Crescent Point Energy Corp. (TSX:CPG)(NYSE:CPG) has picked up a nice tailwind on the latest rebound in oil prices, and investors are wondering if this is good time to buy the stock.

Let’s look at the current situation to see if Crescent Point should be in your portfolio now.

Cutting back

The extended rout in oil prices has forced energy companies to cut back on capital expenditures. Crescent Point announced its latest round of cost cutting on January 7.

The company now expects to spend between $950 million and $1.3 billion in 2016. This would allow for an average production rate of 165,000-172,000 boe/d, which would be a 1-5% increase over 2015.

The fact that the company can increase production despite the reduction in capital spending is good news for investors.

Crescent Point reduced its average drilling and development capital costs by about 30% in 2015, and management is looking for another 5-10% reduction this year.

Cash flow concerns

In the oil game everything comes down to cash flow, and Crescent Point says it needs WTI oil prices to average US$40 or better to cover its capital expenditures and pay the dividend. Meeting its targets at such a low level is possible because the company has about 34% of 2016 oil production hedged at CAD$83/bbl. Crescent Point says it could move an estimated $130 million of 2017 and 2018 hedging gains into 2016 if needed.

With the WTI oil price currently at US$30 per barrel, investors should brace for bad news on the distribution if things don’t improve in the coming months, but there isn’t an impending concern about the company’s solvency. Crescent Point’s debt level is manageable, and it finished 2015 with $1.4 in undrawn credit lines, so there is some wiggle room in case the latest price pop is just another head fake.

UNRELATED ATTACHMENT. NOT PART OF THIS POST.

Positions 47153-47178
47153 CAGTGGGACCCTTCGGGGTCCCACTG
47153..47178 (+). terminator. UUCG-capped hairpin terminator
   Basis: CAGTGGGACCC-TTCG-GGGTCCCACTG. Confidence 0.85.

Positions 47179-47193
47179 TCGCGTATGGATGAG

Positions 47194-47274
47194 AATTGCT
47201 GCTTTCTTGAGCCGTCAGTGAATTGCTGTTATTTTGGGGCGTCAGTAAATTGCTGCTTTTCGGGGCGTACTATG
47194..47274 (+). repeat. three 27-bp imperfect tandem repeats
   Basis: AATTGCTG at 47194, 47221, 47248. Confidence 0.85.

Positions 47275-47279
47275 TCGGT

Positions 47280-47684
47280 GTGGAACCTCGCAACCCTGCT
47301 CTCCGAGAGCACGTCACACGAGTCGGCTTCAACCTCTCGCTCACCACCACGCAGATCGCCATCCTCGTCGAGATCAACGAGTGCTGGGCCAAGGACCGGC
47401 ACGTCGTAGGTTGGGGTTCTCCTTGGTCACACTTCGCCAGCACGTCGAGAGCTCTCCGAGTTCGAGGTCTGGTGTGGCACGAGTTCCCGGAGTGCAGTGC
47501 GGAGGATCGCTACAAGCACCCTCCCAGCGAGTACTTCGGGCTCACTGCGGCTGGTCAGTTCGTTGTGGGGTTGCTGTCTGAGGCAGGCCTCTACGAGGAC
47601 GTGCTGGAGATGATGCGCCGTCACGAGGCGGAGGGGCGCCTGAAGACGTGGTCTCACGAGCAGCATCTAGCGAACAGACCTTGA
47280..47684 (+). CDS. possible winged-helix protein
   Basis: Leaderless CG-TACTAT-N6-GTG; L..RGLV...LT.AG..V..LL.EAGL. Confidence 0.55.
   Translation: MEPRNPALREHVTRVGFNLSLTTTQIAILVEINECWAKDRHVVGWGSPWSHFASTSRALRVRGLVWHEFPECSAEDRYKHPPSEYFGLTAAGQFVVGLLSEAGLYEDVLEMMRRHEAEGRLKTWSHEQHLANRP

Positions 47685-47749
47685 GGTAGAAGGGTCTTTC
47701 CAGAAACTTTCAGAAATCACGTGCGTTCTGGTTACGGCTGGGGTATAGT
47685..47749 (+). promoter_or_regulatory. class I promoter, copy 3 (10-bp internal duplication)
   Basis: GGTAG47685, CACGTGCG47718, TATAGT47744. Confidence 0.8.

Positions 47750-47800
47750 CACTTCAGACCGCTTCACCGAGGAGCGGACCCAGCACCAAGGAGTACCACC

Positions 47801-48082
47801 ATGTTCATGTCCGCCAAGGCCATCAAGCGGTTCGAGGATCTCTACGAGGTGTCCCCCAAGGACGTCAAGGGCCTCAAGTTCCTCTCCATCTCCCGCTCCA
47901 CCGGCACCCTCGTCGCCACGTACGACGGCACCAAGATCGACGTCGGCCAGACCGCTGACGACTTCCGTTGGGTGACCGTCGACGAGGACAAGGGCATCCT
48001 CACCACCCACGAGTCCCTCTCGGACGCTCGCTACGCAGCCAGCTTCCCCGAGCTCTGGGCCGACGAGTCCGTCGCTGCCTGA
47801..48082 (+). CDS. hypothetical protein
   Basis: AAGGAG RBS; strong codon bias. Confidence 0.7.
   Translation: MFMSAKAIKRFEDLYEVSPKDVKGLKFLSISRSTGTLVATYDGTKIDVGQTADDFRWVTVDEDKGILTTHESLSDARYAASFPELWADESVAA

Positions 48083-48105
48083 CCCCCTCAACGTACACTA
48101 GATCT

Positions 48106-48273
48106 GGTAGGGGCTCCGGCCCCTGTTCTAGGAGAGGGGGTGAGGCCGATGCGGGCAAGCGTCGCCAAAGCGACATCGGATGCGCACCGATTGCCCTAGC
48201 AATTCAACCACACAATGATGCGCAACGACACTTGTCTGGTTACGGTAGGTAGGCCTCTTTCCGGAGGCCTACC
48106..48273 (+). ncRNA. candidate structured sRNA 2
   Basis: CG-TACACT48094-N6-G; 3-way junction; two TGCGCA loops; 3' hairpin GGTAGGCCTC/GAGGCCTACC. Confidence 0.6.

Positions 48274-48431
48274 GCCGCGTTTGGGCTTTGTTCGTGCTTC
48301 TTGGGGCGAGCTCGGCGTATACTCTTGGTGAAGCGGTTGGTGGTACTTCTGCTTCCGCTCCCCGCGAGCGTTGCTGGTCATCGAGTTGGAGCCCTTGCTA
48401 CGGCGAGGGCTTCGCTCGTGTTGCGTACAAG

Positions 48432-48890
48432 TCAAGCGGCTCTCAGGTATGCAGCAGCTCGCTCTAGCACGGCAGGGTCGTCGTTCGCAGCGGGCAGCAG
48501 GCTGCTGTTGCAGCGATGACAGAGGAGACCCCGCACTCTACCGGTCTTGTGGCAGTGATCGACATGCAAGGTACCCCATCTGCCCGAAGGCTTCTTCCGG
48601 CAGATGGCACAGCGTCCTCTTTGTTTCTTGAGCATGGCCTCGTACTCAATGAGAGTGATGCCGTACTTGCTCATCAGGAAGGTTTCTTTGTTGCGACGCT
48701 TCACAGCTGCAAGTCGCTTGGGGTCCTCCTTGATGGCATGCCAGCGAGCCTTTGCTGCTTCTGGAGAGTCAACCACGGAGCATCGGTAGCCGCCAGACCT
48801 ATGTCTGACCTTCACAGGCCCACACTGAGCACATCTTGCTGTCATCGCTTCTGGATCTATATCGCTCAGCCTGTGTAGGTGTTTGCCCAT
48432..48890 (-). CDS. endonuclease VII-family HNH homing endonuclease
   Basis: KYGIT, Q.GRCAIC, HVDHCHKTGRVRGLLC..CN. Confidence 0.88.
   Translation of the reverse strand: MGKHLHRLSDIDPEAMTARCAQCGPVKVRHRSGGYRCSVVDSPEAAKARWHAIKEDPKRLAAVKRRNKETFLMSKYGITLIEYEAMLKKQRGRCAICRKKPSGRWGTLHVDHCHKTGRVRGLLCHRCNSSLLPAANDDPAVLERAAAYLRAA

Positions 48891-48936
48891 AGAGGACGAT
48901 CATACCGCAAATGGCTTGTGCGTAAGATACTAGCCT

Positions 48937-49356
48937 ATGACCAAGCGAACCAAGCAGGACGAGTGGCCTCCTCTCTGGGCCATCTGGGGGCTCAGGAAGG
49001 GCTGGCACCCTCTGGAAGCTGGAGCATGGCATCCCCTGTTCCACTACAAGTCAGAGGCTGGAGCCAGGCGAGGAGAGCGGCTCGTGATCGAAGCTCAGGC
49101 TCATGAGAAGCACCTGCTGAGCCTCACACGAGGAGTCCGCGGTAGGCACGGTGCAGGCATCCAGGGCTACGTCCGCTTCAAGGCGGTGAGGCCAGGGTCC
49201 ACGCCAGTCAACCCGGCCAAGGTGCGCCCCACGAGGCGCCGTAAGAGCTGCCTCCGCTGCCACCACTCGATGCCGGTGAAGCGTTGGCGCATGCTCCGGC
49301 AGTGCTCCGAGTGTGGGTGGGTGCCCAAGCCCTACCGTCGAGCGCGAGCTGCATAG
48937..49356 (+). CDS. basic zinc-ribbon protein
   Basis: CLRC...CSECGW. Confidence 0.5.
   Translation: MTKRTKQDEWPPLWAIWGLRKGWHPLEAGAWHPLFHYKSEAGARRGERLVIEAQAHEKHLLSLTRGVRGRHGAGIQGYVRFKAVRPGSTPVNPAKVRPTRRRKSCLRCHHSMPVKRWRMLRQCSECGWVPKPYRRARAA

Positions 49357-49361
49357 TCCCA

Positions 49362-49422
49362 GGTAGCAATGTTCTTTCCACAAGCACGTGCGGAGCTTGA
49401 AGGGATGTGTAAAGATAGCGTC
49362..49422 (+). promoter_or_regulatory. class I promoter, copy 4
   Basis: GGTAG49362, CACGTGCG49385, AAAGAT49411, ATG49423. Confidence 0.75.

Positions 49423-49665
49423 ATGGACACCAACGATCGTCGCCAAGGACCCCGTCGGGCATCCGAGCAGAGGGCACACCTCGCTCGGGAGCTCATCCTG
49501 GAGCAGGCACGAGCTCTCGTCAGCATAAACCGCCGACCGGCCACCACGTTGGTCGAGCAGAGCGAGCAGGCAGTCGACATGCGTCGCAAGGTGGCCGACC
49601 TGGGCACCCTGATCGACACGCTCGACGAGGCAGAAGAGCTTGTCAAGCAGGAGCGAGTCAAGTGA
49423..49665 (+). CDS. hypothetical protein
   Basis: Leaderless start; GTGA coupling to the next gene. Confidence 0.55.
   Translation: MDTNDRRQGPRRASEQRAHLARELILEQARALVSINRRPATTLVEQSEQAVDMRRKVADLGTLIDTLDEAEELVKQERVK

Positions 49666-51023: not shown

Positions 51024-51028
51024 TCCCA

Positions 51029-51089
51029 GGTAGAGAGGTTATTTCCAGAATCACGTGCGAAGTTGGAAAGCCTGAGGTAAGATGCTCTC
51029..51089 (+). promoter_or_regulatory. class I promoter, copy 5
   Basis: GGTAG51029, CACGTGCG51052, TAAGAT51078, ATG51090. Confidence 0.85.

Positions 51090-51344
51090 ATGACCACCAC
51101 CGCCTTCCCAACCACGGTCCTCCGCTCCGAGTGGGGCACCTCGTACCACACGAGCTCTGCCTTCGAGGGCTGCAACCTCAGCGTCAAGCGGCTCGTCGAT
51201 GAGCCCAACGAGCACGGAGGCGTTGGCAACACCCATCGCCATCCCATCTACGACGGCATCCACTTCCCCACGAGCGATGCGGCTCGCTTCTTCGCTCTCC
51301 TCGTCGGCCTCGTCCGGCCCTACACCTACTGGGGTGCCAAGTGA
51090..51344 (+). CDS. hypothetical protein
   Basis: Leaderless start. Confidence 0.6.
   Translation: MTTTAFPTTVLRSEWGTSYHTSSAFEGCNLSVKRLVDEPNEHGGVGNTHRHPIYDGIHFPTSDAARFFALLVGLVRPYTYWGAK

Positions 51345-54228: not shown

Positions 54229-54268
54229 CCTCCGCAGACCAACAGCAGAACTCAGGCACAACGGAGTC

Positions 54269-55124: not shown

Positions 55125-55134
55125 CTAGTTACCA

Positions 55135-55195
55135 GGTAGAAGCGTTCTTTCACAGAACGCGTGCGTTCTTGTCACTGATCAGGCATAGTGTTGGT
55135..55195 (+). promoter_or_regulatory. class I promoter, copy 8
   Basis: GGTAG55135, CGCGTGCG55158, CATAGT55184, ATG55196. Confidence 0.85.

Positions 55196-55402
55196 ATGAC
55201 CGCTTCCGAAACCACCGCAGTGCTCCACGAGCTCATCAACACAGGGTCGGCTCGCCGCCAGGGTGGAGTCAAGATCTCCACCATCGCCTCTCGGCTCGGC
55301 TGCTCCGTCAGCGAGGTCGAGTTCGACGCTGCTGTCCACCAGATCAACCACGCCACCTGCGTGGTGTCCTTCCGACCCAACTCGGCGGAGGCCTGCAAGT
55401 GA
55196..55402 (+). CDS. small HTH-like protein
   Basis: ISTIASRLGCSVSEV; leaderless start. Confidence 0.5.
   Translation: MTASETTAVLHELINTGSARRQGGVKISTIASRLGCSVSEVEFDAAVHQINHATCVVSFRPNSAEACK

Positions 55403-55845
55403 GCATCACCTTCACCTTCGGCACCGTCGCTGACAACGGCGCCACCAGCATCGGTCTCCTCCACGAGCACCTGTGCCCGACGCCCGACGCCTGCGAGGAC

Nonetheless, oil prices really have to get back above $40 and stay there if the distribution is going to survive. The current monthly payout of $0.10 per share yields about 8.7%.

Should you buy Crescent Point?

At current oil prices dividend investors should probably take a pass, but value investors who aren’t overly concerned about income might want to start nibbling and simply consider the distribution as a bonus.


The real appeal lies in the long-term value of the assets. The company owns some of the most attractive properties in the patch and has about 7,500 drilling locations lined up in its inventory with plans to drill just 630 wells in 2016.

As investors have seen in recent days, Crescent Point is a tightly compressed spring just waiting for good news to set it free. If you believe oil is finally bottoming out, this name is probably a good contrarian bet at the current price.

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Fool contributor Andrew Walker has no position in any stocks mentioned.